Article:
Strategic policies are no exception to unanimity and long-standing blockades. For decades, Luxemburg vetoed attempts to establish a European tax policy although this lack of basic harmonization led to unbalances within the internal market and fiscal dumping. As a result, Luxemburg free-rode on its neighbours (through legal yet unfair fiscal schemes) allowing tax avoidance and fiscal dumping. Under France’s pressure, the Commission proposed a “Google Tax” to ensure that the big techs companies will pay their share. Yet, this initiative to fight tax avoidance and force big firms to pay taxes where they generate revenues has been vetoed in 2019…by whom? Denmark, Sweden and Finland, led by Ireland.
Trade agreements are also subject to vetoes despite (or rather because of?) their strategic importance. For decades, France conditioned trade negotiations to defend l’exception culturelle and exclude the cultural sector from free trade agreements. France vetoed the opening of the TTIP negotiations (the major trade agreement with the US, later aborted) until the EU Ministers accepted to exclude the audiovisual industry from the scope of the negotiations. In 2016, Belgium, or to be more precise, the region of Wallonia prevented the entry into force of the agreement between the EU and Canada. The Walloon Parliament blocked an agreement already accepted by all the Member States and the European Parliament. The European Council and the Commission eventually negotiated a way out a couple of weeks after. Does that right a bell?
Unanimity is the bread and butter of the EU’s Foreign Policy and Enlargement. Member States do not shy away from using it. For two decades, Greece blocked the European ambitions of Northern Macedonia on the conflict over its name and recently France vetoed the opening of the talks with the latter and Albania thus ruining years of negotiations and triggering vast resentment and frustration in the Balkans. Most recently, Greece and Cyprus vetoed discussions on Belarus unless a point on Turkey was added to the Council’s agenda.
Finally, I conclude this non-exhaustive list with an example that goes beyond the scope of this article but tells a lot about the political reality of vetoes in the European Union, even when they contradict European law. Before the historic agreement of mid-June, the Eurozone was in turmoil and could only rely on the European Central Bank’s firepower to avoid an unprecedented economic upheaval. And yet, on 5 May 2020, the German Constitutional Court openly questioned the legality of the quantitative easing program and requested further explanations from the European Central Bank before ruling on the legality of this safety vest in the light of... German law. The Court took a blatant approach to one of the most important (yet controversial) dogmas of European law, its primacy over national legislation. The Union underwent a ruthless setback at the worst possible moment. A fatal threat that was only defused by the historic agreement on the mutualisation of debt adopted one month later.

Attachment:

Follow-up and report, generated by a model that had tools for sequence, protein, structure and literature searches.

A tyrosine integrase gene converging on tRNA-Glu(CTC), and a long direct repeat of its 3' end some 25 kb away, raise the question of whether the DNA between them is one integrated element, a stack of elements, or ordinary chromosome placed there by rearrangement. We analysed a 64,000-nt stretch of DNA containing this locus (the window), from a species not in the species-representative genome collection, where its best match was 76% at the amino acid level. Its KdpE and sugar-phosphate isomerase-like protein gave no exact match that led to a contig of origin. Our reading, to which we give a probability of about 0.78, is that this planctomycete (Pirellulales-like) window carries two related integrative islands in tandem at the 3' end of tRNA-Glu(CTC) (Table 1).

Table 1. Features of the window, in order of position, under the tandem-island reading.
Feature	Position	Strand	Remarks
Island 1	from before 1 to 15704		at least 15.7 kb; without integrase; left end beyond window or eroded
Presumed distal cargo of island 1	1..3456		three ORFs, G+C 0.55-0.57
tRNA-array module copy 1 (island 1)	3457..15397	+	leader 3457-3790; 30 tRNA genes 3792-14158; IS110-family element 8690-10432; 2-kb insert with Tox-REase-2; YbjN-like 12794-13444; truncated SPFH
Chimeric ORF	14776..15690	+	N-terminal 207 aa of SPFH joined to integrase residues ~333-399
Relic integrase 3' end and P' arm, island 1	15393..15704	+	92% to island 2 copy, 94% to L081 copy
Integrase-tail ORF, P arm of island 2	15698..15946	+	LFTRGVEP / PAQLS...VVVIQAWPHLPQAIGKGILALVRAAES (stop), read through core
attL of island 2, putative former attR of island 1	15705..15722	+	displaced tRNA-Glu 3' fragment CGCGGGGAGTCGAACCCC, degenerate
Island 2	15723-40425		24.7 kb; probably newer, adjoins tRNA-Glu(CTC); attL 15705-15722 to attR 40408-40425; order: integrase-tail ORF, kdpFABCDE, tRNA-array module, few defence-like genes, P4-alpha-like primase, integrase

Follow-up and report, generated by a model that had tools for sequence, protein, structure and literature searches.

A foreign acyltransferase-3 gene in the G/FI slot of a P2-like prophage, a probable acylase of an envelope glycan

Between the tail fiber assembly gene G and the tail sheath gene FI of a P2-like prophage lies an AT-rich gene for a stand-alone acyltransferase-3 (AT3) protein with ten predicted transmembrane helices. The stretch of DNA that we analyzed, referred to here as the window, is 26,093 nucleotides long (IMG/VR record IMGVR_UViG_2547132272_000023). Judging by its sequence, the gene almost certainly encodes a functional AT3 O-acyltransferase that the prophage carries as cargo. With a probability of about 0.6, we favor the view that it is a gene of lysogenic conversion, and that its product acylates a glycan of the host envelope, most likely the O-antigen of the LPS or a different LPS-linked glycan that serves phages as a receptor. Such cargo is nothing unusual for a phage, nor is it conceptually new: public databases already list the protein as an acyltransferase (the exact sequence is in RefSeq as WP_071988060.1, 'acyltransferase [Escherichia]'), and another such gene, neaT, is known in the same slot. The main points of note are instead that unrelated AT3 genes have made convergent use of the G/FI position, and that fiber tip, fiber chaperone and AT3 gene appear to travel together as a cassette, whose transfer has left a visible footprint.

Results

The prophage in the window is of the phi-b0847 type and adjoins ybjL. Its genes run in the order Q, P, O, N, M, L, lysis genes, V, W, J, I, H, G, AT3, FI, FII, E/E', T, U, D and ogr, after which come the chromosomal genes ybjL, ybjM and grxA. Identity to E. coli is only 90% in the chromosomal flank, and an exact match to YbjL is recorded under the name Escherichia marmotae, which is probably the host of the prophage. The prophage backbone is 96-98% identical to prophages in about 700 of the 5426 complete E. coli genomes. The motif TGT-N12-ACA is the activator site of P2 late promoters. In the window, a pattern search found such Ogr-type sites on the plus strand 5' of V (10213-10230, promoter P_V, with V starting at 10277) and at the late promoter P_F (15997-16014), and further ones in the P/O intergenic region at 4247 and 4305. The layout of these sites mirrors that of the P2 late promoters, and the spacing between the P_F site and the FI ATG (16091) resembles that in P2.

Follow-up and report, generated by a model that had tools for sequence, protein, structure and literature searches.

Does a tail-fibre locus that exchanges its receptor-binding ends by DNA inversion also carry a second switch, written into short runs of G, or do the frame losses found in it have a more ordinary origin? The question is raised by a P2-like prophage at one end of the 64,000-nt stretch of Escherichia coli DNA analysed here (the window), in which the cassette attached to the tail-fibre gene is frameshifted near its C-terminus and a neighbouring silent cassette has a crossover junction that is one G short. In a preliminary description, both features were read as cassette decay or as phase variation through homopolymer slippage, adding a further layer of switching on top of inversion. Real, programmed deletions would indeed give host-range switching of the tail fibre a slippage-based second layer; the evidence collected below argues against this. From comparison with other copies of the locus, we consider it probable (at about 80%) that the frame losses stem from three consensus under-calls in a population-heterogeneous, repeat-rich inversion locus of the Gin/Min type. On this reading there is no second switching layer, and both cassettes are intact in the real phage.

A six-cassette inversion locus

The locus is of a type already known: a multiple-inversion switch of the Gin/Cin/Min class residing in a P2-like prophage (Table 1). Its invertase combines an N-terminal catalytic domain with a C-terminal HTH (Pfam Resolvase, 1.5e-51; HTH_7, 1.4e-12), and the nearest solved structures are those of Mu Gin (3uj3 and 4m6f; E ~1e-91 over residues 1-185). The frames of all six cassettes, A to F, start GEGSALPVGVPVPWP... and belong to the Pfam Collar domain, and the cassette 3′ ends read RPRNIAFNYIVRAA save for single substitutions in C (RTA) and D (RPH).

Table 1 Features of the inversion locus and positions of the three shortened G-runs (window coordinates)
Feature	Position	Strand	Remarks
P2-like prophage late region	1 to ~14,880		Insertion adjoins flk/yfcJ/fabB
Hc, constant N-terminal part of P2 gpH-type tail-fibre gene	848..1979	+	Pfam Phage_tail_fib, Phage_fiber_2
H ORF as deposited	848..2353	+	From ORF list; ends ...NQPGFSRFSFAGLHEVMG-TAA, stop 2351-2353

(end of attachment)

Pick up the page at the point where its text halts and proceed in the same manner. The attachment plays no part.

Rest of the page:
They did so to preserve what in their view is the most important point of the MFF agreement and precisely the one overturned by the European Parliament in November after the European Council agreed upon it in June. By reopening the negotiations, the Parliament did no more no less than making use of its prerogatives. As much as Hungary and Poland did putting a veto. To unlock the stalemate, the German Presidency took the lead and found a satisfactory compromise to all parts in less than a month. Much ado about nothing? In the light of the Union’s records, it was more an incident than an existential crisis.
Two conclusions must be drawn. The first is that the media and political noise left the bitter impression that EU rules are more or less acceptable depending on the countries using them. Luxembourg, Denmark, the Netherlands or Ireland (just to name a few) blocked Treaty reforms and key files and obtained considerable opt-outs without being named and shamed as europhobics. Fair enough, but even fairer if all the Member States could enjoy the same equity and weighting.
The second is that we must accept the rules of the game, all the rules of the game. Including unanimity, a mechanism that forms an integral part of the European legal and political landscape and that is meant to last. Too often, too quickly, some set the anathema on it as it would prevent the Union from moving at the pace and direction they wished. I beg to disagree. By allowing Member States to protect their strategic interests as a last resort, unanimity strengthens the Union more than it weakens it. In an organization that is not and would probably never be a federation, qualified majority only is no more viable than unanimity only. There is wisdom in the current “in-between” and moving away from it would undermine the internal cohesion of a Union, which cannot afford the luxury of further fragmentation.
To decide on major steps, the EU’s legitimacy depends on the support and agreement of all its Member states and the deal on the most ambitious financial package ever put on the table is definitely one of them. Less outcry, more pragmatism; in the EU, the art of the veto is a fully-fledged part of the art of the deal.
The author is an expert of international law and Leader of MCC Center for Diplomacy.